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mohamma

mohamma

Iran, Islamic Republic Of

October 9, 2013

 

 

 

 

 

 

Al-Kashi was one of the best mathematicians in the Islamic world. He was born in 1380, in Kashan, in central Iran. This region was controlled by Tamurlane, better known as Timur. Al-Kashi lived in poverty during his childhood and the beginning years of his adulthood.

The situation changed for the better when Timur died in 1405, and his son, Shah Rokh, ascended into power. Shah Rokh and his wife, Goharshad, a Persian princess, were very interested in the sciences, and they encouraged their court to study the various fields in great depth. Consequently, the period of their power became one of many scholarly accomplishments. This was the perfect environment for al-Kashi to begin his career as one of the world’s greatest mathematicians.

Eight years after he came into power in 1409, their son, Ulugh Beg, founded an institute in Samarkand which soon became a prominent university. Students from all over the Middle East, and beyond, flocked to this academy in the capital city of Ulugh Beg’s empire. Consequently, Ulugh Beg harvested many great mathematicians and scientists of the Muslim world. In 1414, al-Kashi took this opportunity to contribute vast amounts of knowledge to his people. His best work was done in the court of Ulugh Beg, and it is said that he was the king’s favourite student.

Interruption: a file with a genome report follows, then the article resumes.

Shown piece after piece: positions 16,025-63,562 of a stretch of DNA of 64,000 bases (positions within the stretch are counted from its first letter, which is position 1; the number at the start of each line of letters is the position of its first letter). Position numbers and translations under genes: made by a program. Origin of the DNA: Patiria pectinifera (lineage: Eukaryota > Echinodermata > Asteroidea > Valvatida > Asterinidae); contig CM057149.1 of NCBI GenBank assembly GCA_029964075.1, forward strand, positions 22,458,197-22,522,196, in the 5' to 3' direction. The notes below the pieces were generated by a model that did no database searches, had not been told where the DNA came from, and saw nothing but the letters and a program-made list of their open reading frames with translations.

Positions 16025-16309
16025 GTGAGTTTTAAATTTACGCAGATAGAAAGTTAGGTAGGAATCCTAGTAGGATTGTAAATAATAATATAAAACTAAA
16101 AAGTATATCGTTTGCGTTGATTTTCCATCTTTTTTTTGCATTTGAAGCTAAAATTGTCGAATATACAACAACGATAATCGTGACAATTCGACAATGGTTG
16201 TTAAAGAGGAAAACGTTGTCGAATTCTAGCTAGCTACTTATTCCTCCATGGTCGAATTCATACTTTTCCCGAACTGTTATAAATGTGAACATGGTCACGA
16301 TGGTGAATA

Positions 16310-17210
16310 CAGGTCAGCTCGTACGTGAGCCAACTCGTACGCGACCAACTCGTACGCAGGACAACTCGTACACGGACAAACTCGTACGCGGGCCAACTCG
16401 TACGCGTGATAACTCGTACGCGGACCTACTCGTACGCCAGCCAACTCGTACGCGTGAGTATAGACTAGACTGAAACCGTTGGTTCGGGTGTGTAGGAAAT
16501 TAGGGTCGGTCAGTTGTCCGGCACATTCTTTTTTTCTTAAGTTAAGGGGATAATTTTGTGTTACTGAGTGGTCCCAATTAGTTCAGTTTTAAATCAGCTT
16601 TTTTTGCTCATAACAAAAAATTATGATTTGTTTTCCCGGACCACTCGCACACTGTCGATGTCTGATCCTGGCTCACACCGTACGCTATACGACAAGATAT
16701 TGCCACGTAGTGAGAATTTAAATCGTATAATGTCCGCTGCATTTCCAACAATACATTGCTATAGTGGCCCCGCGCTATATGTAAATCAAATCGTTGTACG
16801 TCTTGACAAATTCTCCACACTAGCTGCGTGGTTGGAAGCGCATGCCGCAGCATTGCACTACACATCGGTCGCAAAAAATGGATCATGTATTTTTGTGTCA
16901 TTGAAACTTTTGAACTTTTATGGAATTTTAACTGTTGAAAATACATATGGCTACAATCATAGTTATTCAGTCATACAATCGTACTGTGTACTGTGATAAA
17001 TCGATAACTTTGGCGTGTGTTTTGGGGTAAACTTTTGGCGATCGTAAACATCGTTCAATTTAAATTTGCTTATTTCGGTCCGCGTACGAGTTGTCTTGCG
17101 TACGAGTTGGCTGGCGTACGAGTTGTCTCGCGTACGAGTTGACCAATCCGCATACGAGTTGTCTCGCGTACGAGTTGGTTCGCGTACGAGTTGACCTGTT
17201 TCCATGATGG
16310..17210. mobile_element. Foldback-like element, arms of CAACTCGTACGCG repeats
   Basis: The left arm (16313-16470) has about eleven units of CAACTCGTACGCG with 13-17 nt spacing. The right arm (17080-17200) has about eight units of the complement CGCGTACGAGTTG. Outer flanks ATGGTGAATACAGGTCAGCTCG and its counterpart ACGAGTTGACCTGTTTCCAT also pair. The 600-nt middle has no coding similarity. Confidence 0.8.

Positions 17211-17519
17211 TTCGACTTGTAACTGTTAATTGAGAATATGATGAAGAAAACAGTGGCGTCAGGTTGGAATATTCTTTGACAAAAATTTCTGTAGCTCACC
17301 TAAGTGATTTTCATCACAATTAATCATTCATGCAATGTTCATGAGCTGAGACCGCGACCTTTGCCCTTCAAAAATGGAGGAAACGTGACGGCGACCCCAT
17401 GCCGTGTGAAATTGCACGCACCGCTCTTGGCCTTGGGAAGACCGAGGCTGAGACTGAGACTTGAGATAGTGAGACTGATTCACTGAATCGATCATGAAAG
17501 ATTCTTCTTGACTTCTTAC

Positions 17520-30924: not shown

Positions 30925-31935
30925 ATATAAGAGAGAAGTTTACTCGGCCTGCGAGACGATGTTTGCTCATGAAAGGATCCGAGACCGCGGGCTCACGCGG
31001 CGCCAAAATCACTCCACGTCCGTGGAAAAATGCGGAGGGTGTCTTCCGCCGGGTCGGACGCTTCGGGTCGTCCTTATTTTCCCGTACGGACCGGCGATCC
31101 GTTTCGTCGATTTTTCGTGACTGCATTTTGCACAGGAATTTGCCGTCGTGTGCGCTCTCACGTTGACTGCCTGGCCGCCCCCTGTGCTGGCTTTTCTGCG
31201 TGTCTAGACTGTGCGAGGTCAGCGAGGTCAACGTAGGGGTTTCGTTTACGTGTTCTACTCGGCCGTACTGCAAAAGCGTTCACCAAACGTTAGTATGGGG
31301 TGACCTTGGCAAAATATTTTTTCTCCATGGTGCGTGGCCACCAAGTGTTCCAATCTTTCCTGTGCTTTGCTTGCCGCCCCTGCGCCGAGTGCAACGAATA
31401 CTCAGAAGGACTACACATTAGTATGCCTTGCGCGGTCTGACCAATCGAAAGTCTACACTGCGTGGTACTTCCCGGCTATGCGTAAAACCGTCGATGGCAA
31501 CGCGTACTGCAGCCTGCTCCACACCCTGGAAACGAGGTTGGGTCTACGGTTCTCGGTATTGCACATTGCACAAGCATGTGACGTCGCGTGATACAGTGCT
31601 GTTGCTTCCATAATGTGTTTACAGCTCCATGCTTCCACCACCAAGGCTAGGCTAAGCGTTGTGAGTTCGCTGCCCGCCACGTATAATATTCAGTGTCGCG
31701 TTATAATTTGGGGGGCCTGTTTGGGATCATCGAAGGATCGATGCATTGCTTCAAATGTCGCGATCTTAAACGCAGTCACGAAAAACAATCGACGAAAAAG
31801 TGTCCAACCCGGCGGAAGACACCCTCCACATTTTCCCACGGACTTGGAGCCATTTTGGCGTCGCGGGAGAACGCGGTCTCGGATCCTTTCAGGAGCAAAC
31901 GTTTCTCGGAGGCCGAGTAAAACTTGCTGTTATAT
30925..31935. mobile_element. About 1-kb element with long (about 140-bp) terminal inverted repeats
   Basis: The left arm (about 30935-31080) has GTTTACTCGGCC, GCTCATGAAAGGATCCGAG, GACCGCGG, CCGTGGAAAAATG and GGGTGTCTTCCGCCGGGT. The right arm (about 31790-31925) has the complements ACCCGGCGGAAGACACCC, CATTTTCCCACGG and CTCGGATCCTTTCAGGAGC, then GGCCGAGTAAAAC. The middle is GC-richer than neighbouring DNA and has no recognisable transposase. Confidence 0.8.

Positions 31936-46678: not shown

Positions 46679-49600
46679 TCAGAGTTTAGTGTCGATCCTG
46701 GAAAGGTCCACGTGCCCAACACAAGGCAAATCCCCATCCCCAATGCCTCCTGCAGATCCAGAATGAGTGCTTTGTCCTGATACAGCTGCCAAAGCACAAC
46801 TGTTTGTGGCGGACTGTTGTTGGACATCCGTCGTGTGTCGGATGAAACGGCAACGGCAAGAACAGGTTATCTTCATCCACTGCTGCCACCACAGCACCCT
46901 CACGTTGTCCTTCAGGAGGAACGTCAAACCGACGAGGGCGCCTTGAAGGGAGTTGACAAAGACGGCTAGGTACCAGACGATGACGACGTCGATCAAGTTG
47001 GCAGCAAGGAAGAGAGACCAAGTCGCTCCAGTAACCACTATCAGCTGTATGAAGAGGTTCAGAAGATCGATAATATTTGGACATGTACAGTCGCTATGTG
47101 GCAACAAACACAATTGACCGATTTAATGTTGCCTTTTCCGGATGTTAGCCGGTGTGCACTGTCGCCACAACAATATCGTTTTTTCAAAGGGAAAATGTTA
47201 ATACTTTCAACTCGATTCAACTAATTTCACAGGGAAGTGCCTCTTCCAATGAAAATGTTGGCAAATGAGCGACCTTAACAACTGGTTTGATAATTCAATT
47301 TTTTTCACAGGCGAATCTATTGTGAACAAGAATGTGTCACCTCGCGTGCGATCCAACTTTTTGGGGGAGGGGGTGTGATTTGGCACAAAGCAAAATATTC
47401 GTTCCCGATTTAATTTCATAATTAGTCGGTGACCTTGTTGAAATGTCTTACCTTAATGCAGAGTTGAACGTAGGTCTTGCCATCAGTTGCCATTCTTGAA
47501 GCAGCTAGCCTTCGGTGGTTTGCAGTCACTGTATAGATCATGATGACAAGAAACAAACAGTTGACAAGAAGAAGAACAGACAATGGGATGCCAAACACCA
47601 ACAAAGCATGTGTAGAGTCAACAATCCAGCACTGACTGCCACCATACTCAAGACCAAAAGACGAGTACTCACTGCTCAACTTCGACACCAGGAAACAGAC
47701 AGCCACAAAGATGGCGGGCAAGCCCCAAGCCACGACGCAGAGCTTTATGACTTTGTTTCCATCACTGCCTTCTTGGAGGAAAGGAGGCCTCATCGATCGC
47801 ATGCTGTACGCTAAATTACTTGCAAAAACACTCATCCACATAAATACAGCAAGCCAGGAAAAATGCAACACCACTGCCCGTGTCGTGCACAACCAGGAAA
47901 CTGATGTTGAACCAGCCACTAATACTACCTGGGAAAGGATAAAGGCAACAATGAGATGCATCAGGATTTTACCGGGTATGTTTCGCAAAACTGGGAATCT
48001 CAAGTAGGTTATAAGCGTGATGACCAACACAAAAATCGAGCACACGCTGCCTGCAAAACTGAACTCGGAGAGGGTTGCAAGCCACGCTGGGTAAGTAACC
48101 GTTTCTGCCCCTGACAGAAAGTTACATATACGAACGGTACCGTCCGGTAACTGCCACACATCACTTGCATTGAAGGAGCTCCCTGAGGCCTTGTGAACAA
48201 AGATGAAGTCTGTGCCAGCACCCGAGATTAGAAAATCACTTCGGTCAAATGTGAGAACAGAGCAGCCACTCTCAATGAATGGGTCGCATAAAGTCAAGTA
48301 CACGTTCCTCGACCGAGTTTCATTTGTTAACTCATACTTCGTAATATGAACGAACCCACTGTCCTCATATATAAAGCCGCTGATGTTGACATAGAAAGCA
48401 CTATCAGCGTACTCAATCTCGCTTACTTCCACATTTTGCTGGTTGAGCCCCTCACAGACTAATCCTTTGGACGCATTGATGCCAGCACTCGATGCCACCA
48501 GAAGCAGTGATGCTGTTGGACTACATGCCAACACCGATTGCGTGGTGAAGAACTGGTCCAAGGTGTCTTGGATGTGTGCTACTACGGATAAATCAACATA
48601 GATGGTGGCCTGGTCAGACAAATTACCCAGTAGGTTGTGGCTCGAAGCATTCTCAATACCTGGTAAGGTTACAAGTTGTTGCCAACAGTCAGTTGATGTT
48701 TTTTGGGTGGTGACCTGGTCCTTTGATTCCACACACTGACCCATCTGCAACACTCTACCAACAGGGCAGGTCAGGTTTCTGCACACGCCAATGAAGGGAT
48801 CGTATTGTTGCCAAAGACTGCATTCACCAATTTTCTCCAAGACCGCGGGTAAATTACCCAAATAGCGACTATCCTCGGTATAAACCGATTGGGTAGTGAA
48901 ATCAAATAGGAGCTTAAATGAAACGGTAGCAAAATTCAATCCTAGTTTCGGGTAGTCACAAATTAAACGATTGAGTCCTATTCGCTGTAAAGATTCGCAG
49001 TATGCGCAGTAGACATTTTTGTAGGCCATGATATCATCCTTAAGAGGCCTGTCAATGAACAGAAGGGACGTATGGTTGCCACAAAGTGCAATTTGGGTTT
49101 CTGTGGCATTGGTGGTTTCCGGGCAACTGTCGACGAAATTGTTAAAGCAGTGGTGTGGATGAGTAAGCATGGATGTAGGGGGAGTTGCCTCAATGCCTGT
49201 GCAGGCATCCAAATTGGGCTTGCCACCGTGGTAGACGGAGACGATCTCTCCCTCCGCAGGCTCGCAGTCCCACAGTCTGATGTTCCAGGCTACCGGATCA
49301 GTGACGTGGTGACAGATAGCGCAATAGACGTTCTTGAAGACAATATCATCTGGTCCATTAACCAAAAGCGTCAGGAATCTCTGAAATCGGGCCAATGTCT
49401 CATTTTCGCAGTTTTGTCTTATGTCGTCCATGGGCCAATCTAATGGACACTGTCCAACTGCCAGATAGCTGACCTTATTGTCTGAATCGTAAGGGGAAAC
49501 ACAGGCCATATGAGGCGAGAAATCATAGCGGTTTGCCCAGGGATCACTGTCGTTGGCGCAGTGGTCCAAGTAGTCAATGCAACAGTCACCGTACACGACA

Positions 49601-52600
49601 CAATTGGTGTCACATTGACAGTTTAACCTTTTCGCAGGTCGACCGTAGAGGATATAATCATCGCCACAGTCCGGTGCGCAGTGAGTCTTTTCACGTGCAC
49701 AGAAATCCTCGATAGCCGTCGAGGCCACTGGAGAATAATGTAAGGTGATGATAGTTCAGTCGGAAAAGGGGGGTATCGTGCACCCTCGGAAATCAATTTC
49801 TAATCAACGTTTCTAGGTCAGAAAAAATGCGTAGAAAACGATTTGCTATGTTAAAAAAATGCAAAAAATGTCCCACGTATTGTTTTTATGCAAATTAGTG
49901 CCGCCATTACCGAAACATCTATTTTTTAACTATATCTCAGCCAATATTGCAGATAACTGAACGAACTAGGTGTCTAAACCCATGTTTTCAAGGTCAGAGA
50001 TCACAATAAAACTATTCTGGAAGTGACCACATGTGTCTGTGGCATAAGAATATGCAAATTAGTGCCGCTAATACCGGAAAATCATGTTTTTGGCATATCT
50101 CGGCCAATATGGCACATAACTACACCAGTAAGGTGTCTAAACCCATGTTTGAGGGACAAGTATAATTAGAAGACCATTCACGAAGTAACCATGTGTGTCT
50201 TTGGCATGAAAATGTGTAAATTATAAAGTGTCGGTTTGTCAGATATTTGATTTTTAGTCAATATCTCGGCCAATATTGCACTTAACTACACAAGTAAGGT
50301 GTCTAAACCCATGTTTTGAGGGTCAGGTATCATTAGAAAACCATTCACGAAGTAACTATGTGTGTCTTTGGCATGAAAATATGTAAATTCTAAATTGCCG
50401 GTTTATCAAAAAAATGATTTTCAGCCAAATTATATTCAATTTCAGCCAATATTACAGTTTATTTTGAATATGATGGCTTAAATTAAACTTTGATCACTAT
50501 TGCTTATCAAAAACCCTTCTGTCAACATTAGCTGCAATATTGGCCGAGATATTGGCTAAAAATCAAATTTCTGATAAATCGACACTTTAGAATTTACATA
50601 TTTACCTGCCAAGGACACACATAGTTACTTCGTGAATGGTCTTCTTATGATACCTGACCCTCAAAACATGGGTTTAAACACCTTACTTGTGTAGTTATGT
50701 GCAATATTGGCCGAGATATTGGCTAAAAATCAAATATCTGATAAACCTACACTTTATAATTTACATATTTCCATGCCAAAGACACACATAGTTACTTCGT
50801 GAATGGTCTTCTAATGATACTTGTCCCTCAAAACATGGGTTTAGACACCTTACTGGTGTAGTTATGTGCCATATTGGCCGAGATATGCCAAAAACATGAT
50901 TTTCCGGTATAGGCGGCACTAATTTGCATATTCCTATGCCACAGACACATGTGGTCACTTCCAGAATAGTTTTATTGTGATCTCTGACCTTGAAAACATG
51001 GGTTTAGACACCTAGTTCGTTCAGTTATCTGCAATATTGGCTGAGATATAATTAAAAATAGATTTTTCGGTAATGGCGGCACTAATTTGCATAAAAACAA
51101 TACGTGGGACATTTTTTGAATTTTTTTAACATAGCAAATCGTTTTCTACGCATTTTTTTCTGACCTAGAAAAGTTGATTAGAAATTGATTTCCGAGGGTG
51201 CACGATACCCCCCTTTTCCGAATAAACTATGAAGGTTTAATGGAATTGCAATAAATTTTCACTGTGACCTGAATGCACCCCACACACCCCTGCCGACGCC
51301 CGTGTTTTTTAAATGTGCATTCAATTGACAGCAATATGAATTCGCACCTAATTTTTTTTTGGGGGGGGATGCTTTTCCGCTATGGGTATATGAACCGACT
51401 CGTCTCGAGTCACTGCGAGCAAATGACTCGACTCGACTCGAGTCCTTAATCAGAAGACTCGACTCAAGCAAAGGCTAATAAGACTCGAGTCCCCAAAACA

Al-Kashi was still working on his book, called “Risala al-watar wa’l-jaib” meaning “The Treatise on the Chord and Sine”, when he died in 1429. Some scholars believe that Ulugh Beg may have ordered his murder, while others say he died a natural death. The details are unclear.

 

The Treatise on the Chord and Sine

In The Treatise on the Chord and Sine, al-Kashi computed sin 1° to nearly as much accuracy as his value for π, which was the most accurate approximation of sin 1° in his time and was not surpassed until Taqi al-Din in the 16th century. In algebra and numerical analysis, he developed an iterative method for solving cubic equations, which was not discovered in Europe until centuries later

A method algebraically equivalent to Newton's method was known to his predecessor Sharaf al-Dīn al-Tūsī. Al-Kāshī improved on this by using a form of Newton's method to solve x^P - N = 0 to find roots of N. In western Europe, a similar method was later described by Henry Biggs in hisTrigonometria Britannica, published in 1633

In order to determine sin 1°, al-Kashi discovered the following formula often attributed to François Viète in the 16th century

\sin 3 \phi = 3 \sin \phi - 4 \sin^3 \phi\,\!

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01:50 PM Oct 09 2013

Hazelgirl

Hazelgirl
Iran, Islamic Republic Of

he is so well-known in Kashan for those accurate calculations in the historical structures, for example in Fin garden, you can see some fountains work by rules of geometric and math without usage of electric pumps.